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The role of frictional heating in the development of catastrophic landslides

The role of frictional heating in the development of catastrophic landslides
The role of frictional heating in the development of catastrophic landslides
In this work, a new thermo-mechanical model is developed by improving on an existing one, applicable to large deep seated landslides and rockslides consisting of a coherent mass sliding on a thin clayey layer. The considered time window is that of catastrophic acceleration, starting at incipient failure and ending a few seconds later, when the acquired displacement and velocity are such that the sliding material begins to break up into pieces. The model accounts for temperature rise in the slip zone due to the heat produced by friction, leading to thermoplastic collapse of the soil skeleton and subsequent increase of pore water pressure. This in turn drastically decreases the resistance to motion and allows the overlying mass to move downslope ever more freely.

The proposed model is implemented numerically and validated by back-analysing the two well-documented catastrophic landslide case histories of Vajont and Jiufengershan. The model is then employed to carry out a parametric study to systematically investigate the development of catastrophic failure in uniform slopes. It was found that the most influential parameters in promoting catastrophic collapse are (1) the static friction-softening rate a1, (2) the slope inclination ?, (3) the soil permeability kw, (4) the dynamic residual friction angle rd ? and (5) the overburden thickness H. The most dangerous situation is when a1, ? and H are very large and kw and rd ? are very low. Of the above, the ‘thermo-mechanical parameters’ kw and H deserve more attention as they have been introduced by the thermo-mechanical model and are not normally considered in standard stability analyses of uniform slopes. A second parametric study was performed to demonstrate that thermo-mechanical parameters alone can make a difference between a relatively non-catastrophic event and a catastrophic one. Hence, further insight into the design of landslide risk mitigation measures can be gained if, in addition to the standard site investigations, the permeability of the soil is measured and the depth of an existing or expected failure surface is measured or estimated respectively.
Cecinato, Francesco
45d87e7d-8021-4eca-9cb6-896a4e70276f
Cecinato, Francesco
45d87e7d-8021-4eca-9cb6-896a4e70276f
Zervos, Antonios
9e60164e-af2c-4776-af7d-dfc9a454c46e

Cecinato, Francesco (2009) The role of frictional heating in the development of catastrophic landslides. University of Southampton, School of Civil Engineering and the Environment, Doctoral Thesis, 240pp.

Record type: Thesis (Doctoral)

Abstract

In this work, a new thermo-mechanical model is developed by improving on an existing one, applicable to large deep seated landslides and rockslides consisting of a coherent mass sliding on a thin clayey layer. The considered time window is that of catastrophic acceleration, starting at incipient failure and ending a few seconds later, when the acquired displacement and velocity are such that the sliding material begins to break up into pieces. The model accounts for temperature rise in the slip zone due to the heat produced by friction, leading to thermoplastic collapse of the soil skeleton and subsequent increase of pore water pressure. This in turn drastically decreases the resistance to motion and allows the overlying mass to move downslope ever more freely.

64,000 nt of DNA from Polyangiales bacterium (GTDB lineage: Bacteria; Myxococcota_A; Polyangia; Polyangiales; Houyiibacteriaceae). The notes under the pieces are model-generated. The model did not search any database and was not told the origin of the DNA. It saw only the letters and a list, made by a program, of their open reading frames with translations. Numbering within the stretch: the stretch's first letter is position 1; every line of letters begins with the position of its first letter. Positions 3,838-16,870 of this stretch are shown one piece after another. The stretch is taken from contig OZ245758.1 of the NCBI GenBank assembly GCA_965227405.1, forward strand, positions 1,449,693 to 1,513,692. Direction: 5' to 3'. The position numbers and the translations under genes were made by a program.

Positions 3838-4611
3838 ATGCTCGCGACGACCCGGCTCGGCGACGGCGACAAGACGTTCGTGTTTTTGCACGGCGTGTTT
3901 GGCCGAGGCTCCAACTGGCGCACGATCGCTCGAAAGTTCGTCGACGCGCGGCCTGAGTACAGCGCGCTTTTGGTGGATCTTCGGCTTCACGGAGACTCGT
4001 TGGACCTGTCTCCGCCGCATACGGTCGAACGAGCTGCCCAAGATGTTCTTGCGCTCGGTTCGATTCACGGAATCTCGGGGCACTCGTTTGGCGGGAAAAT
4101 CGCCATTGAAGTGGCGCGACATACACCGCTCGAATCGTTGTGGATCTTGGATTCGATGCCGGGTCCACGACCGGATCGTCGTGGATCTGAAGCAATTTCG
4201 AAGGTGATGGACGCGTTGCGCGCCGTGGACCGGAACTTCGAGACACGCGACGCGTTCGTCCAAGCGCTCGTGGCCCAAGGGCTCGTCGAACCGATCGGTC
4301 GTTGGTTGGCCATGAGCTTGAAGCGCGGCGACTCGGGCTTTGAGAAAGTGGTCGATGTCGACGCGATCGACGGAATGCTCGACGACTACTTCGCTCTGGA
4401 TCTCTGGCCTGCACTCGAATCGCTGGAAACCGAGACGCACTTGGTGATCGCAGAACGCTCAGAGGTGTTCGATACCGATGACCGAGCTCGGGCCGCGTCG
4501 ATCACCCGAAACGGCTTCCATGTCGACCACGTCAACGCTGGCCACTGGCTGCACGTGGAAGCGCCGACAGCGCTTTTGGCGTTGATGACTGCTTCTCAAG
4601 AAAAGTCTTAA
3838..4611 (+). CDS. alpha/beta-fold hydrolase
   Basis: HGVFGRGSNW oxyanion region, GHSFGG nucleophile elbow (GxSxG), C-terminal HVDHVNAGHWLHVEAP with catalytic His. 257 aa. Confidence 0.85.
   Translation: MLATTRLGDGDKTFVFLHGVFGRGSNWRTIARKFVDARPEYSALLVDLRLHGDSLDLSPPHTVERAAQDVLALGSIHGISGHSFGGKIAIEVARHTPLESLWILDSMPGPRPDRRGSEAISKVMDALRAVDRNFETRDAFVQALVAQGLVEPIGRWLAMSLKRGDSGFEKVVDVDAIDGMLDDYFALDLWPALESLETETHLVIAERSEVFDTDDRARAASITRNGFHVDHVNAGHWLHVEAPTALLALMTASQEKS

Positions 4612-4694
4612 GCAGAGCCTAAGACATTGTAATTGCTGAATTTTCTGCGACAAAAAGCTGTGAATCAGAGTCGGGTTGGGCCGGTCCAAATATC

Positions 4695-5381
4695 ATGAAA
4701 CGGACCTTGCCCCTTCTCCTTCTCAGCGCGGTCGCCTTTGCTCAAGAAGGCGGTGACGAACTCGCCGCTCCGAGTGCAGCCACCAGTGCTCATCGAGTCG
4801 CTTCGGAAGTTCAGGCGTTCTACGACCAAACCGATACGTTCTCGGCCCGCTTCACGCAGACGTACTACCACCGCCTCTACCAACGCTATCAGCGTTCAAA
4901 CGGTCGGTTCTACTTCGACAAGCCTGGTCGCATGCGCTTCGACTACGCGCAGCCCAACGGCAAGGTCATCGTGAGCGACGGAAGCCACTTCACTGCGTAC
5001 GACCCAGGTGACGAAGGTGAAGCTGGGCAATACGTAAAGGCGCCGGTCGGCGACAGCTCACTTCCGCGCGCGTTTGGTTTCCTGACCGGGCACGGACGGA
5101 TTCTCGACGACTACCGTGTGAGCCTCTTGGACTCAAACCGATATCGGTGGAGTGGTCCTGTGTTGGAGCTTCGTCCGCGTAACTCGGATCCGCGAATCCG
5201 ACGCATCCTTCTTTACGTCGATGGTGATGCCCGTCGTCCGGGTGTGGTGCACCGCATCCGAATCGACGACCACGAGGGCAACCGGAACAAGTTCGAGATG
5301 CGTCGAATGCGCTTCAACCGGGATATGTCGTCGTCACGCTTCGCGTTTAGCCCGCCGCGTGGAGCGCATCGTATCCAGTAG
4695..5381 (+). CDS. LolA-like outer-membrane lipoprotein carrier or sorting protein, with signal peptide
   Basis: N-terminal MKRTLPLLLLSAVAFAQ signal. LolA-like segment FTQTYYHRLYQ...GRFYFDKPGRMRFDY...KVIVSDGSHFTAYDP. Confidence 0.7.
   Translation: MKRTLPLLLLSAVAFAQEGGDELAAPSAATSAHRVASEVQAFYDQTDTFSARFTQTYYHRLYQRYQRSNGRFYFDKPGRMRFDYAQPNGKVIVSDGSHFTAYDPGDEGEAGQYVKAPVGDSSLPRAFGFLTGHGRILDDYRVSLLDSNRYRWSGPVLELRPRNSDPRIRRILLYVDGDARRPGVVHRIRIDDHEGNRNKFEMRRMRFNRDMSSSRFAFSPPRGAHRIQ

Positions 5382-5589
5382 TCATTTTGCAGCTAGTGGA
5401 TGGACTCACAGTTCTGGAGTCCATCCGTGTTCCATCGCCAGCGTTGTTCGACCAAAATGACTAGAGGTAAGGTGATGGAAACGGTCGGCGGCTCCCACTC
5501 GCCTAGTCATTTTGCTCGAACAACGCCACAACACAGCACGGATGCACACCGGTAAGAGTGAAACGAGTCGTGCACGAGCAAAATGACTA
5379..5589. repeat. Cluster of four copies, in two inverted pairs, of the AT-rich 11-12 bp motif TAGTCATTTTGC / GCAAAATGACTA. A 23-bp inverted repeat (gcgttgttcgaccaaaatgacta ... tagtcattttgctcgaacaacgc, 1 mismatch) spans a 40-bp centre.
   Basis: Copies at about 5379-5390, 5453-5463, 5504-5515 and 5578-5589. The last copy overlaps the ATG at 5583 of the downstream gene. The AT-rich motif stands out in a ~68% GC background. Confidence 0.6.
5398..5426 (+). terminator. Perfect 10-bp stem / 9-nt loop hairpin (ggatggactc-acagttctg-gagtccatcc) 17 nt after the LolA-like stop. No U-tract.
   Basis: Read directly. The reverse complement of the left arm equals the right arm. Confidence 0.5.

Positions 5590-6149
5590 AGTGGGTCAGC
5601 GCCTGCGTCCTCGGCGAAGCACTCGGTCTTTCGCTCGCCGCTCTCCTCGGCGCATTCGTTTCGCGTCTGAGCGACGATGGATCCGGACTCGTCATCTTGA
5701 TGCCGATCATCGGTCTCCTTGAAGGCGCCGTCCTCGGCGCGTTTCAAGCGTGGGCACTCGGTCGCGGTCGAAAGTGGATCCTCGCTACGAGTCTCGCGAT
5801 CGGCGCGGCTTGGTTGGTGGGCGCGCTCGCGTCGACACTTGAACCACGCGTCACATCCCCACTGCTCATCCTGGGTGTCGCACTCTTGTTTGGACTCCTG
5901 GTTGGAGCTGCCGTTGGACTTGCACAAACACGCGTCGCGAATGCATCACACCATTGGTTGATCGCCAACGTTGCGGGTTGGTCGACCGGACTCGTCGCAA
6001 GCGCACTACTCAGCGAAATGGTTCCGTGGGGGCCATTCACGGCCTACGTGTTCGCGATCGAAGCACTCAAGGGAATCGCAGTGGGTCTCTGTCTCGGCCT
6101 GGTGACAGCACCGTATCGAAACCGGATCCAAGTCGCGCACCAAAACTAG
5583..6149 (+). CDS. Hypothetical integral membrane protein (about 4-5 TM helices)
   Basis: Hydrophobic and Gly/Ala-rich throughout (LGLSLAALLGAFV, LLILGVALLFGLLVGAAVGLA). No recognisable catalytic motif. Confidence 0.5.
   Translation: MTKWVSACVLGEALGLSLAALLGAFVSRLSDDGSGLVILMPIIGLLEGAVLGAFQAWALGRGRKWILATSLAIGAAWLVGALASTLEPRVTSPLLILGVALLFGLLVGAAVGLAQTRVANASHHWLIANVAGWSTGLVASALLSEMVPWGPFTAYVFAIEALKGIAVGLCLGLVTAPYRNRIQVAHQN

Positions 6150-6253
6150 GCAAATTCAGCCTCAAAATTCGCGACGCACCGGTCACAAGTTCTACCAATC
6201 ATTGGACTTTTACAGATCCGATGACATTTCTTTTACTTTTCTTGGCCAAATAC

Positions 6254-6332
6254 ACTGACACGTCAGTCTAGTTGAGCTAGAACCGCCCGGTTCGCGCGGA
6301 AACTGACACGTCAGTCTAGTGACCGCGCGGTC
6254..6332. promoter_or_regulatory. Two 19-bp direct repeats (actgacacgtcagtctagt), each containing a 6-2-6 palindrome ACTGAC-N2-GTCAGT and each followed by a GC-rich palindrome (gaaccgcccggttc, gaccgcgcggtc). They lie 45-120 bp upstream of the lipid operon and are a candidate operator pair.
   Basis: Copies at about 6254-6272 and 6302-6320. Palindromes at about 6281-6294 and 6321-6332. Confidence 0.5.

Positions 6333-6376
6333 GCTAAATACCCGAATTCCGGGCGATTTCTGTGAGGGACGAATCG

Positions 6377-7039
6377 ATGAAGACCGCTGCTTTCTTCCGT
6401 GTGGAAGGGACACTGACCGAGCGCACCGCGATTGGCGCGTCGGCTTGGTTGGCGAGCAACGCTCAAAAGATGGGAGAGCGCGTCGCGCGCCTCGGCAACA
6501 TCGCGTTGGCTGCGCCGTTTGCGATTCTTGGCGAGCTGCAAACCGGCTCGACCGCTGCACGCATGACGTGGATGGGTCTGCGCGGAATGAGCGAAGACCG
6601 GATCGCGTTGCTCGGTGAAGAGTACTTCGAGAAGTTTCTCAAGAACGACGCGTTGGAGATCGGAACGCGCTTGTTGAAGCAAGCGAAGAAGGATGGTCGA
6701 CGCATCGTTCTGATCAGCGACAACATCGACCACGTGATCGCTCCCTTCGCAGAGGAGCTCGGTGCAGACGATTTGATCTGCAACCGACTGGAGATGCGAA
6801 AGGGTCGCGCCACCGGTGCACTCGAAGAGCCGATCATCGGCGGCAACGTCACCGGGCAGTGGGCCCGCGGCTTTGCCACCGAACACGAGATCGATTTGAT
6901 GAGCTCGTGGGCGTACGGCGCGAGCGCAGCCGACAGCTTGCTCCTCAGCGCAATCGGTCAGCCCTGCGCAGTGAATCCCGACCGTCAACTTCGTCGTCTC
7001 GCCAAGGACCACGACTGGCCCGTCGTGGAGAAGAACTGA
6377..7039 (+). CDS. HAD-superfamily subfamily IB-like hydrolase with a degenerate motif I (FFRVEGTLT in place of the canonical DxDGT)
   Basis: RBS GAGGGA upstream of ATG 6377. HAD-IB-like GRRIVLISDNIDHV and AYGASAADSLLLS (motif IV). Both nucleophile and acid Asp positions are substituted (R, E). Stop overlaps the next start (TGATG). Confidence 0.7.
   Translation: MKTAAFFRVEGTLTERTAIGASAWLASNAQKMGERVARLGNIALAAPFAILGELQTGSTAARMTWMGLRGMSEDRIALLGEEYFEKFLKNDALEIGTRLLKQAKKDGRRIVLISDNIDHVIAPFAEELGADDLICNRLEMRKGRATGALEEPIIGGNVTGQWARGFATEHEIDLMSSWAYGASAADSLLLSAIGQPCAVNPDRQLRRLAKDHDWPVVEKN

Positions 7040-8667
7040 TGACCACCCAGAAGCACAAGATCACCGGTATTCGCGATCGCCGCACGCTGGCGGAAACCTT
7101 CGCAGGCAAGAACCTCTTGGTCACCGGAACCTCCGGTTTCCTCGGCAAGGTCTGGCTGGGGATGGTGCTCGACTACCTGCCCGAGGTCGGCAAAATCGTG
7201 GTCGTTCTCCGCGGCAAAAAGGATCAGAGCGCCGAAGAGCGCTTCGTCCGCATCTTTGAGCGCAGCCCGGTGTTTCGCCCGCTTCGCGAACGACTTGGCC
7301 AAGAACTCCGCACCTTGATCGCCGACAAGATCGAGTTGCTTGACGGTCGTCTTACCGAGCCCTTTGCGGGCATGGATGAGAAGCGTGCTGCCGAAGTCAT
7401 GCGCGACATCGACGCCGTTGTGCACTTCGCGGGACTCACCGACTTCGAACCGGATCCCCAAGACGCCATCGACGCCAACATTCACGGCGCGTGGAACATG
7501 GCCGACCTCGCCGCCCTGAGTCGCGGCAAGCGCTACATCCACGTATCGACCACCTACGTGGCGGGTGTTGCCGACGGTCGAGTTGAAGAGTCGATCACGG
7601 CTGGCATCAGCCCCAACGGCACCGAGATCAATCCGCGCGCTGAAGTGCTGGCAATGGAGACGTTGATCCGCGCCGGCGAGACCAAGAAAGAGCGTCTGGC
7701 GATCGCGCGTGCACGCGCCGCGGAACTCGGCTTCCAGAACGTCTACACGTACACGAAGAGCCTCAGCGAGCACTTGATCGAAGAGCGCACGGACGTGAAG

The proposed model is implemented numerically and validated by back-analysing the two well-documented catastrophic landslide case histories of Vajont and Jiufengershan. The model is then employed to carry out a parametric study to systematically investigate the development of catastrophic failure in uniform slopes. It was found that the most influential parameters in promoting catastrophic collapse are (1) the static friction-softening rate a1, (2) the slope inclination ?, (3) the soil permeability kw, (4) the dynamic residual friction angle rd ? and (5) the overburden thickness H. The most dangerous situation is when a1, ? and H are very large and kw and rd ? are very low. Of the above, the ‘thermo-mechanical parameters’ kw and H deserve more attention as they have been introduced by the thermo-mechanical model and are not normally considered in standard stability analyses of uniform slopes. A second parametric study was performed to demonstrate that thermo-mechanical parameters alone can make a difference between a relatively non-catastrophic event and a catastrophic one. Hence, further insight into the design of landslide risk mitigation measures can be gained if, in addition to the standard site investigations, the permeability of the soil is measured and the depth of an existing or expected failure surface is measured or estimated respectively.

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More information

Published date: February 2009
Organisations: University of Southampton

Identifiers

Local EPrints ID: 72984
URI: https://eprints.soton.ac.uk/id/eprint/72984
PURE UUID: b7cd51a0-2549-450f-956e-20d9369f26c3
ORCID for Antonios Zervos: ORCID iD orcid.org/0000-0002-2662-9320

Catalogue record

Date deposited: 25 Feb 2010
Last modified: 06 Jun 2018 12:46

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